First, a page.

‘Netflix Tax’ in Canada Inevitable, But One Thing is Slowing its Reality: Geist

The message various reports are sending to Canadians regarding the so-called “Netflix tax” is rather confusing, says Michael Geist, the Canada Research Chair in internet and e-commerce law at the University of Ottawa law faculty.

What the reports mention as the Netflix tax isn’t specifically the cultural contributions payments known as Cancon contributions. Canadian Heritage Minister, Melanie Joly, has been consistent in saying that the government will not extend mandatory Cancon contributions to Netflix.

Netflix

And the proposal is not specifically targeted at Netflix. Instead, it seeks to extend GST/HST to foreign-based digital services currently exempt from collecting and remitting sales taxes. This emerged as an issue in 2014 when the Conservative government raised the idea and also launched a public consultation on the matter.

By the way, the Canadian government isn’t the only one exploring the idea of extending sales taxes to the digital world.

With many governments fearing increasing lost tax revenue due to online sales and domestic companies expressing frustration with being placed at a competitive disadvantage (Netflix does not collect and remit sales tax, but CraveTV does), the extension of sales taxes to foreign digital providers appears to be a question of when, not if. The “when” depends largely on developing international standards on the issue.

The OECD (Organisation for Economic Co-operation and Development) has been actively working on it, so it is not a question of if, but of when. But Geist says it won’t happen in Canada until global standards are adopted at the OECD.

Technology enthusiast, rocker, biker and writer of iPhoneinCanada.ca. Follow me on Twitter or contact me via email: istvan@iphoneincanada.ca

  • Geoffrey Spencer

    It is a question of when not if so long as we have tax and spend Liberal governments.

  • 416iMac

    Did we miss this sentence “This emerged as an issue in 2014 when the Conservative government raised the idea…”

  • Fireeast

    GST not a problem, but to have is some heritage tax is non-sense. Our film industry is terrible because it is subsidized so much already. And they already support our industry as they carry almost all of CBC programing anyways.

  • wongnog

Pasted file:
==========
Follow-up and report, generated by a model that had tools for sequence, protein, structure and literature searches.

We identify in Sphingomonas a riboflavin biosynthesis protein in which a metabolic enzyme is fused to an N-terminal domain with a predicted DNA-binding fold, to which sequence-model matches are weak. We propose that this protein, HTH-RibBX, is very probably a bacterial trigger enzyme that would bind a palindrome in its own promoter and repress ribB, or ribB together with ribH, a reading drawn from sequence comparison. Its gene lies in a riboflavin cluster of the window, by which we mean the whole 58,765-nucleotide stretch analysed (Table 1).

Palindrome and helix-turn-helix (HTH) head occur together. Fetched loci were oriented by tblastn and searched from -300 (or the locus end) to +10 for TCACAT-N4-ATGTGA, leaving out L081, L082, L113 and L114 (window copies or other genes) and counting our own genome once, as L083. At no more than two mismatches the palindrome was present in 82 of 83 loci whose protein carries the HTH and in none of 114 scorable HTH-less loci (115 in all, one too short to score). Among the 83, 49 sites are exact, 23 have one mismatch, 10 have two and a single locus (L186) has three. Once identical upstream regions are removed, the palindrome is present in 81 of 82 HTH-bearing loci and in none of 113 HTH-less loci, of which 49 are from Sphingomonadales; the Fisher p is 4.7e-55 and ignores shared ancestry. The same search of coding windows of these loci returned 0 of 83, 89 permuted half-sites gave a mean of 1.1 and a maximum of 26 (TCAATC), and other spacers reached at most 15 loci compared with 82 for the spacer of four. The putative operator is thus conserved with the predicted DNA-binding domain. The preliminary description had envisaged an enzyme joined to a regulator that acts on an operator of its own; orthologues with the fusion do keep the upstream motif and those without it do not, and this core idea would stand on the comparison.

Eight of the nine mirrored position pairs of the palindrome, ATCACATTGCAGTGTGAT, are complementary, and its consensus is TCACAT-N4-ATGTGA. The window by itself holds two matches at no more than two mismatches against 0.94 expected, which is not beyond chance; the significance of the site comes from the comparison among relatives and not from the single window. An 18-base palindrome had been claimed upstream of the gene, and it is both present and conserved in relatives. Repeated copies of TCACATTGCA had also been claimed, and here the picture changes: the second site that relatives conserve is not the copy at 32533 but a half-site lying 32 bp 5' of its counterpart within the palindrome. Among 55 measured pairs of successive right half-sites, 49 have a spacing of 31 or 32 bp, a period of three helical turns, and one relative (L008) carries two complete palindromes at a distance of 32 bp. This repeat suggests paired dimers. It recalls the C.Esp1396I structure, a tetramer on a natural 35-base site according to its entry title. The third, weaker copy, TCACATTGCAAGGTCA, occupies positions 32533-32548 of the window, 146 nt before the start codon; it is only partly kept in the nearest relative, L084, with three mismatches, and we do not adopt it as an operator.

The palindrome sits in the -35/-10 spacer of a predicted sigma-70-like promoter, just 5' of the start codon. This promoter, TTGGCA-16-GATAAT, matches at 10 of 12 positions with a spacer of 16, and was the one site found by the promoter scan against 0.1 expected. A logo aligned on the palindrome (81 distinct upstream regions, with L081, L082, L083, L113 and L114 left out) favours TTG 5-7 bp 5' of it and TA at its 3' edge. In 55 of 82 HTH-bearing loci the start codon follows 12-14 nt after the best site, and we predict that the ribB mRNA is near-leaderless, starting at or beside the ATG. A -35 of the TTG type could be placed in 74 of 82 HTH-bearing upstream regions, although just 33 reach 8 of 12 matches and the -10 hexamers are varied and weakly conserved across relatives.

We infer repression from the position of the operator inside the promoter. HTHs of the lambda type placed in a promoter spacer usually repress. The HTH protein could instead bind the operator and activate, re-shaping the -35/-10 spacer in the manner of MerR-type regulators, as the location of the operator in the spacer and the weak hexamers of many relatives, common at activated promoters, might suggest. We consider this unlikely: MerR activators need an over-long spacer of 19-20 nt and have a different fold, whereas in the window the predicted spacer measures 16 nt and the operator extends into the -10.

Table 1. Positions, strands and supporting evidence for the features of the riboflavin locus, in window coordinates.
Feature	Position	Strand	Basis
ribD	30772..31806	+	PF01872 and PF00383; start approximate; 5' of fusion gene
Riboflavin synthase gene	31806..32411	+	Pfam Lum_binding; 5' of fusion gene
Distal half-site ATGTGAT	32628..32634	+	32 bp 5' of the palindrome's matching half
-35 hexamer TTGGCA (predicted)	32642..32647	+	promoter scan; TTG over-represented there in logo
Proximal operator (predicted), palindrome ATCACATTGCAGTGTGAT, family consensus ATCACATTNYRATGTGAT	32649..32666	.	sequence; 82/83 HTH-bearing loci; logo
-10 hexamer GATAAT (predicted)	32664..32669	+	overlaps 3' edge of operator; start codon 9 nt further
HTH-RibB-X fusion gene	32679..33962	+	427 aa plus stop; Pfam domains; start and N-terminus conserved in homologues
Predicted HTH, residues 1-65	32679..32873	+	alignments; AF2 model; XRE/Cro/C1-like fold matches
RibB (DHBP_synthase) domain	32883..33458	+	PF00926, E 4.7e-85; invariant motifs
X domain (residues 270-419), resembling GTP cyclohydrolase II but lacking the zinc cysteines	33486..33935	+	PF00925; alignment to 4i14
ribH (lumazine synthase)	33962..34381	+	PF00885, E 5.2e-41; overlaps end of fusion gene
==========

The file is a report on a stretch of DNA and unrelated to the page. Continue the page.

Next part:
I’m so confused. I have my Netflix linked to my iTunes account, and have ALWAYS been charged HST. Is that just me?

  • mcfilmmakers

    Learn to read

  • Geoffrey Spencer

    Read Conservatives raised the idea and consultations. Only Liberals would add a fake tax and call it Heritage Tax.

  • Geoffrey Spencer

    Raising idea and implementing an unnecessary tax are two different things.

  • raslucas

    The title reads like Geist is the one thing.

  • Adrian

    If you pay through iTunes, Apple collects the GST/HST for Netflix subscriptions. If you subscribe directly with Netflix there isn’t any collected and you’re supposed to self declare and remit it yourself

  • Adrian

    Did you read the article? Where does it say there is fake tax called a Heritage tax? They are not looking to force Cancon contributions on Netflix, this is only extending GST to cover foreign digital services that place Canadian digital services at a disadvantage.

  • OliChabot

    lo, supposed to self declare ? let’s say I never heard it

  • Geoffrey Spencer

    Read the newspapers.

  • 416iMac

    Whether the tax is necessary or not is debatable; as the article mentions not having Netflix and the like taxed puts CraveTV and other Canadian offerings at a disadvantage.

    As far as the difference between raising an idea and implementing…doesn’t the idea have to be raised before it is implemented? Also, given that the idea was raised in 2014 do we not think that it is quite conceivable that the Conservatives would have introduced the tax had they been given more time in office?

  • Geoffrey Spencer

    If you never question the governments need to tax something then you are giving them carte blanche to tax you on everything. There has to come a point to when the people have to say enough is enough with all of these taxes.

    The Conservatives started the conversation because of whining from Bell and Friends of Canadians. Having a conversation is okay, great in fact. More taxes should be challenged at all times. Question the need for the tax. To make it fair for Bell you say? Remove the tax totally is another option and this embraces Net Neutrality. Check out OpenMedia. This is just an Internet Tax for the Liberals to add to General Revenue because they are spending more than they promised in 2015.

  • 416iMac

    I definitely question any new taxes, no doubt. I also don’t mind paying tax if I see value for my dollar.

    Don’t get me wrong; I am not necessarily in favour of this or any new tax, I just was pointing out that despite the fact that it’s the liberals who may impose it, it was first bantered about by the conservatives.

    …ok, enough politics for me.

  • Aleks Oniszczak

    No significant difference between Liberals and Conservatives – their policy is the same – whatever makes the rich richer and the poor poorer is the course they will take. All their decisions are easy to understand once this is understood.

    Will taxing Netflix affect the poor more than he rich? Of course. So they will. And the opposition will pretend to be against it – no matter which happens to be the opposition at the time.

  • mcfilmmakers

    Nice bubble you got there.

  • raslucas

    I wonder if giving a strategic advantage to Canadian streaming services will create jobs to employ these poor people…

  • Aleks Oniszczak

    “Wow, taxes are lower, I guess I’ll hire some more people”, said no CEO ever.

  • raslucas

    Hey, Netflix doesn’t have a competitive advantage over Local businesses in Canada now, we should invest more into improving our services.